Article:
Change

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Steve Motl and Jim Rivett review ceiling options in the old part of the church

I have a terrible habit of ordering the same thing depending on which restaurant I visit. For example, every time I eat at Noodles I habitually order the Indonesian Noodles with Peanut Sauce. As dull and uninteresting as this may sound there is, for me, a sense of comfort in the idea that my experience will not change and, basically, I really don’t need to think at all when placing my order, another calming factor. No change, no surprises—just reassuring consistency.

Although no change and its predictability can be a nice occurrence, real change can challenge us in very positive ways. It can bring on the emotion of excitement, a feeling of newness, and fresh, awe-struck loveliness. Take for example getting a new car, new glasses, or just simply a new outfit.

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Looking west at one of two large stained glass windows that

span both the main level and loft.

612 Stuart Street is a big, emotionally charged change for Arketype. Just yesterday while moving through the space, I felt exhilarated. Every pocket of space seemed filled with workers installing electrical, heating, and cooling ducts, building new walls, patching old ones, and drilling holes in the terrazzo flooring.

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They have been installing new electrical lines and, today, are filling and paving the parking lot behind the building. We have a new drain installed in the center of the lot, and downspouts on the south side of the building have been connected to the street storm sewer drain.

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Orginal leaded glass windows in oak wood entry doors.

I met with Tom from The Glass Haus. We are having the windows in the entrance doors returned to the original cut glass and leaded windows, something The Glass Haus is very good at. The doors themselves are being taken down a week from this coming Monday and shipped to Oshkosh for full restoration. Craftsmen will strip the solid oak then give the doors a bleach bath, the whole nine yards. Then they will be stained a burnt amber color with coats of lacquer applied to them. This is when we hope to have the new windows installed.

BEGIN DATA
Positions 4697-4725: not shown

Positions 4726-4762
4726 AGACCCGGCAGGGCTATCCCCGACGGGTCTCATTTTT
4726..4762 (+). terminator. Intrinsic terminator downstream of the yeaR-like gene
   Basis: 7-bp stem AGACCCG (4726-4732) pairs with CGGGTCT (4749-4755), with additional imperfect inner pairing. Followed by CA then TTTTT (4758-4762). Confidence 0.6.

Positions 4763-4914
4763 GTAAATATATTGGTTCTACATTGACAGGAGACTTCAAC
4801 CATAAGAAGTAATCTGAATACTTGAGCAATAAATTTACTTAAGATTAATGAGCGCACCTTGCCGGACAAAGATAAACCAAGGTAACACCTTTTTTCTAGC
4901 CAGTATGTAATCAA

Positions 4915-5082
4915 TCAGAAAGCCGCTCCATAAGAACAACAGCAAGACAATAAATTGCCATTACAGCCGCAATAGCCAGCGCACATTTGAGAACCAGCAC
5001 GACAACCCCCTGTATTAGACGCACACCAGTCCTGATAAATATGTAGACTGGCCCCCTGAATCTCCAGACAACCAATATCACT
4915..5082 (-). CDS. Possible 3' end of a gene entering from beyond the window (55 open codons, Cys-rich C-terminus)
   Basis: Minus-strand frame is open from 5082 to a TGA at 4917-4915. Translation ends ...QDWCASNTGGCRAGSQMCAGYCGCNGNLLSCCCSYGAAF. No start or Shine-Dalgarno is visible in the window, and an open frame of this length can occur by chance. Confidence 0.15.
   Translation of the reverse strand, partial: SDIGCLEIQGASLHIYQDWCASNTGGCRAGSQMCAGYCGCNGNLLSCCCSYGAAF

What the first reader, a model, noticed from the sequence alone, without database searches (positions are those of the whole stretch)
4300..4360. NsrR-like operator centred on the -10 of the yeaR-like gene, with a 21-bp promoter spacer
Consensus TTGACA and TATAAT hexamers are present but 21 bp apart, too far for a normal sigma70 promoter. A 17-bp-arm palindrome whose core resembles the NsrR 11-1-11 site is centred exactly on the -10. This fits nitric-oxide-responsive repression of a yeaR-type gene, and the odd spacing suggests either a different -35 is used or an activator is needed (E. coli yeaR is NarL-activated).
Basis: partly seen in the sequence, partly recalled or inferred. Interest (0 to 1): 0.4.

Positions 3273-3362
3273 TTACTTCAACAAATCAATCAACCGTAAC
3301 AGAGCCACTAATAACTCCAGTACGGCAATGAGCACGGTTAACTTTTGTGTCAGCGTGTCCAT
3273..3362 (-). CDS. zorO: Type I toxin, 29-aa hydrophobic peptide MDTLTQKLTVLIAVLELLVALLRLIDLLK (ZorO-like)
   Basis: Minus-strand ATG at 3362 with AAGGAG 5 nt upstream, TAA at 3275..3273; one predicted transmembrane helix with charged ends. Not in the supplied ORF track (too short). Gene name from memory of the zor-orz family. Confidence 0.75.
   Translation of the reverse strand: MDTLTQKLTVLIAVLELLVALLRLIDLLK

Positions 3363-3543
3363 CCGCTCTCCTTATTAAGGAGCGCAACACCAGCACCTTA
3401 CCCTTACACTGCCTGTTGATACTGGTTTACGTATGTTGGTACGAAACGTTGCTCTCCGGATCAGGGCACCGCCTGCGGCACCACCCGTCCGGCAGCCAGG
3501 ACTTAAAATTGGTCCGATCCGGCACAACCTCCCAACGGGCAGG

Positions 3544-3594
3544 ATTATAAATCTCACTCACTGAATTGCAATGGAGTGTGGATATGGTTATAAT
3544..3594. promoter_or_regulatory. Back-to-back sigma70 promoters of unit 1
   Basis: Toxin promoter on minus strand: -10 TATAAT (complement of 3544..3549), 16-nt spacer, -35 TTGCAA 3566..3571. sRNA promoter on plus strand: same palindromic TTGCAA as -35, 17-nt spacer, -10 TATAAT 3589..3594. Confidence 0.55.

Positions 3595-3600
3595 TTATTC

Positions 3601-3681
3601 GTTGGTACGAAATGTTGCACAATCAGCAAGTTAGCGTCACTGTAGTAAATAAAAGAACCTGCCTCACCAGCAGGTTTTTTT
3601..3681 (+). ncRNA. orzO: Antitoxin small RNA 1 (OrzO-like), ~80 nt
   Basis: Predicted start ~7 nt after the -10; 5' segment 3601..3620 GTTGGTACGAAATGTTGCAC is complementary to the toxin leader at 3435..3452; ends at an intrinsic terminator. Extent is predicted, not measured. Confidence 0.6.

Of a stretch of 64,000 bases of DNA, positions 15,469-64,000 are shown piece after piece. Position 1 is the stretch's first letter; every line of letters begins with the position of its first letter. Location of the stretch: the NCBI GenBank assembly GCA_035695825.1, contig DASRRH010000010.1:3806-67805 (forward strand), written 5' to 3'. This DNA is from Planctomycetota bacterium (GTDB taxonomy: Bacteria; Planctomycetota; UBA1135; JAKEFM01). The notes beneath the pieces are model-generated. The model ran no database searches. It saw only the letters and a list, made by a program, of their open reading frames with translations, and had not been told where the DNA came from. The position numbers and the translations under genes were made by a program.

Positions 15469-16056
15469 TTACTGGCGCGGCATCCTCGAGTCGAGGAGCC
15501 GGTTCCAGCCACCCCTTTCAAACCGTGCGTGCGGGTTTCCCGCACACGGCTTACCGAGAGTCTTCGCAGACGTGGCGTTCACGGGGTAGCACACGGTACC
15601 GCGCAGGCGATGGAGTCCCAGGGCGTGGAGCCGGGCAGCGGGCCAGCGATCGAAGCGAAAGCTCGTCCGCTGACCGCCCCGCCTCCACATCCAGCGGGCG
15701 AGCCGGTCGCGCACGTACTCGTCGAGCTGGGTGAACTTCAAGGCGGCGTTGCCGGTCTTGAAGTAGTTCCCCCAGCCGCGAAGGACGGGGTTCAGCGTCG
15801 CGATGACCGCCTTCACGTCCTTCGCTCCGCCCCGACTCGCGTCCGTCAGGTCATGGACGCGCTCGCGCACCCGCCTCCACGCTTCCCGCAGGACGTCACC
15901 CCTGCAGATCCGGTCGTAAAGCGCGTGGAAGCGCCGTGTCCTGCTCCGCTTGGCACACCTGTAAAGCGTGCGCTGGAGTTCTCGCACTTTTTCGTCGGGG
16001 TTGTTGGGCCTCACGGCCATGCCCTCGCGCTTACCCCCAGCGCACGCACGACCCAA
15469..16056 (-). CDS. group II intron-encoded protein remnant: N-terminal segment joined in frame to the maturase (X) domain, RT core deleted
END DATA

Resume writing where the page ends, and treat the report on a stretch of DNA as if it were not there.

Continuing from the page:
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A newly punched hole through the second level allows one to see

the west wall stained glass window.

Tom was impressed with the stained glass windows throughout the building and as overwhelmed by their vivid color and painted detail as I was when I first saw them. This transformation for him brought a sense of excitement and hopefulness that the building was going to be kept intact and the windows preserved. He also looked at the original light fixtures, which are currently being rewired and painted. Hopefully, we will be able to install new glass to replace the plastic panels that were in place when we removed them from the ceiling.

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Change. And no change.

We’ve received more letters that speak to the fact that “no change” is a good thing. Mrs. Thielke writes:

“I just want to commend you on your reconstruction of the Grace
Presbyterian Church. In today’s so-called ‘throw-away’ society, it is a joy to see some cases of preservation. Congratulations and best wishes on your company’s decision.”

Thanks, Mrs. Thielke, for making time to remind us that our undertaking is a rewarding one, not only to us, but to the community as well.

Change, charged with emotion, is a very powerful thing—even when it’s directed at a “no-change” restoration mission.

Paul Meinke

Visit Arketype at http://arketypeinc.com

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~ by Paul James on November 16, 2006.

5 Responses to “Change”

  1. WOW – I can’t wait to see it – will there be an “open house”?

    Wonderful website – LOVED reading the update – it reads like a novel, that you can’t wait for the next chapter.

    Kim Lardinois

  2. I too can’t wait to see the final product! :0 )
    This change with the “no – change” direction is inspiring to me- especially in this community and during this season!

  3. I can’t wait to see the end result. An open house would be awsome. Keep up the good work.

    _shawn patoka

  4. Very, very impressive! I’m so glad to see initiative like this– to keep beauty and history alive– rather than so easily disposing of it like abandoning an old car that has gone out of style. Bravo! Keep up the great work. (Now if I can only get to Green Bay to see it!)

  5. Hey, you two are remarkable. Your so creative and everything looks wonderful. Love it love it.

    Love Dyke Daddy
    Ruth

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